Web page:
Early and Late Papers: Hitherto Uncollected

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Ticknor and Fields, 1867 - 1867 - 407 pages

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Page 359 - Millions of spiritual creatures walk the earth Unseen, both when we wake, and when we sleep. All these with ceaseless praise his works behold Both day and night : how often from the steep Of echoing hill or thicket have we heard Celestial voices to the midnight air, Sole, or responsive each to other's note, Singing their great Creator...
Page 400 - Berliehingen are alive now (though I don't say they are visible), and Dugald Dalgetty and Ivanhoe were to step in at that open window by the little garden yonder ? Suppose Uncas and our noble old Leather-Stocking were to glide silent in?
Page 401 - Would you not pay a pretty fine to be able to cancel some of them? Oh, the sad old pages, the dull old pages ! Oh, the cares, the ennui, the squabbles, the repetitions, the old conversations over and over again ! But now and again a kind thought is recalled, and now and again a dear memory. Yet a few chapters more, and then the last: after which, behold Finis itself come to an end, and the Infinite begun.
Page 277 - Those maligners who deny him personal valour, seem not to consider that this accusation is charged at a venture, since the person of a general is too seldom exposed, and that fear which is said sometimes to have disconcerted him before action might probably be more for his army than himself.
Page 398 - I tell you I would like to be able to write a story which should show no egotism whatever, — in which there should be no reflections, no cynicism, no vulgarity (and so forth), but an incident in every other page, a villain, a battle, a mystery in every chapter.
Page 390 - I like to begin another : it may be to write only half a dozen lines : but that is something towards Number the Next. The printer's boy has not yet reached Green Arbour Court with the copy. Those people who were alive half an hour since, Pendennis, Clive Newcome, and (what do you call him ? what was the name of the last hero ? I remember now !) Philip Firmin have hardly drunk their glass of wine, and the mammas have only this minute got the children's cloaks...
Page 255 - Goethe must have been still more handsome as an old man than even in the days of his youth. His voice was very rich and sweet. He asked me questions about myself, which I answered as best I could. I recollect I was at first astonished, and then somewhat relieved, when I found he spoke French with not a good accent.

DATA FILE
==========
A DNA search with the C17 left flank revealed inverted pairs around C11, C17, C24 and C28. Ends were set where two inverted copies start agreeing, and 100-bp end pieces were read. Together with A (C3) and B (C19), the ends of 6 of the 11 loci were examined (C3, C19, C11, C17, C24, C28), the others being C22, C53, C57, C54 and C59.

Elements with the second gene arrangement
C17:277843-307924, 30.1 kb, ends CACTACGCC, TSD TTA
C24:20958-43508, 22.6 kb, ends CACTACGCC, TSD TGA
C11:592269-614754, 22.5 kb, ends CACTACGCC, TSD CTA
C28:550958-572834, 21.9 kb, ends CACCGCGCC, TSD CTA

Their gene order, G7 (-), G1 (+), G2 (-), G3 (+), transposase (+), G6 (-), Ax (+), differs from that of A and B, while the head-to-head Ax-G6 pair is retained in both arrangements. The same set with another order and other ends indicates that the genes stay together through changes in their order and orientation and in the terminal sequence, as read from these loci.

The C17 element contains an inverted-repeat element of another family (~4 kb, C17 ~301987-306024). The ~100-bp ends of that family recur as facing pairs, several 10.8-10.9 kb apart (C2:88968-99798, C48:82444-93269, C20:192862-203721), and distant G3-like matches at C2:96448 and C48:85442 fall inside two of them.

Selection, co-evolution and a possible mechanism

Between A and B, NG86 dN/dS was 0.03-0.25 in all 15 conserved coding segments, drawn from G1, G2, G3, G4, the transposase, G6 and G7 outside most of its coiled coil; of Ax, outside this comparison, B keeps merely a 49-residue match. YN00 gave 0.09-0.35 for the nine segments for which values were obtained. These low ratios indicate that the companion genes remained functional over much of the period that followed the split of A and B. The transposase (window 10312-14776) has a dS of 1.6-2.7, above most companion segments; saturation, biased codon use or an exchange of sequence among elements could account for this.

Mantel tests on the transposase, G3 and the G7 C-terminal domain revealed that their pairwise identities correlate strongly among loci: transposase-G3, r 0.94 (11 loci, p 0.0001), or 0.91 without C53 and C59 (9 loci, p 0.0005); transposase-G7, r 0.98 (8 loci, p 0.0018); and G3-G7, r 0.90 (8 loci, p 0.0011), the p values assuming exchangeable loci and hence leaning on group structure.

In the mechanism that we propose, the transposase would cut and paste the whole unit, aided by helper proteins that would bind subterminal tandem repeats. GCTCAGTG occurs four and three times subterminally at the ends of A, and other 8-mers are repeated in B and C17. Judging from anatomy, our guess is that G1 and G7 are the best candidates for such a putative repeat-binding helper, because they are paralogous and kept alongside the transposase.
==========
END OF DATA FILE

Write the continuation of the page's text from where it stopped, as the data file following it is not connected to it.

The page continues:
Page 269 - Shall Titania come forth complete with her sportive court, with the flowers at her feet, the forest around her, and all the stars of summer glittering overhead? How well I remember the delight, and wonder, and pleasure with which I read "Jane Eyre," sent to me by an author whose name and sex Were then alike unknown to me; the strange fascinations of the book; and how with my own work pressing upon me, I could not, having taken the volumes up, lay them down until they were read through...
Page 398 - I am making a clean breast, and liberating my soul), perhaps of all the novel-spinners now extant, the present speaker is the most addicted to preaching. Does he not stop perpetually in his story and begin to preach to you ? When he ought to be engaged with business, is he not for ever taking the Muse by the sleeve, and plaguing her with some of his cynical sermons ? I cry peccavi loudly and heartily.
Page 396 - Woman in White " ; and these books gave me amusement from morning till sunset. I remember those ague fits with a great deal of pleasure and gratitude. Think of a whole day in bed, and a good novel for a companion ! !No cares ; no remorse about idleness ; no visitors ; and the Woman in White or the Chevalier d'Artagnan to tell me stories from dawn to night ! " Please, ma'am, my master's compliments, and can he have the third volume ? " (This message was sent to an astonished friend and neighbor who...

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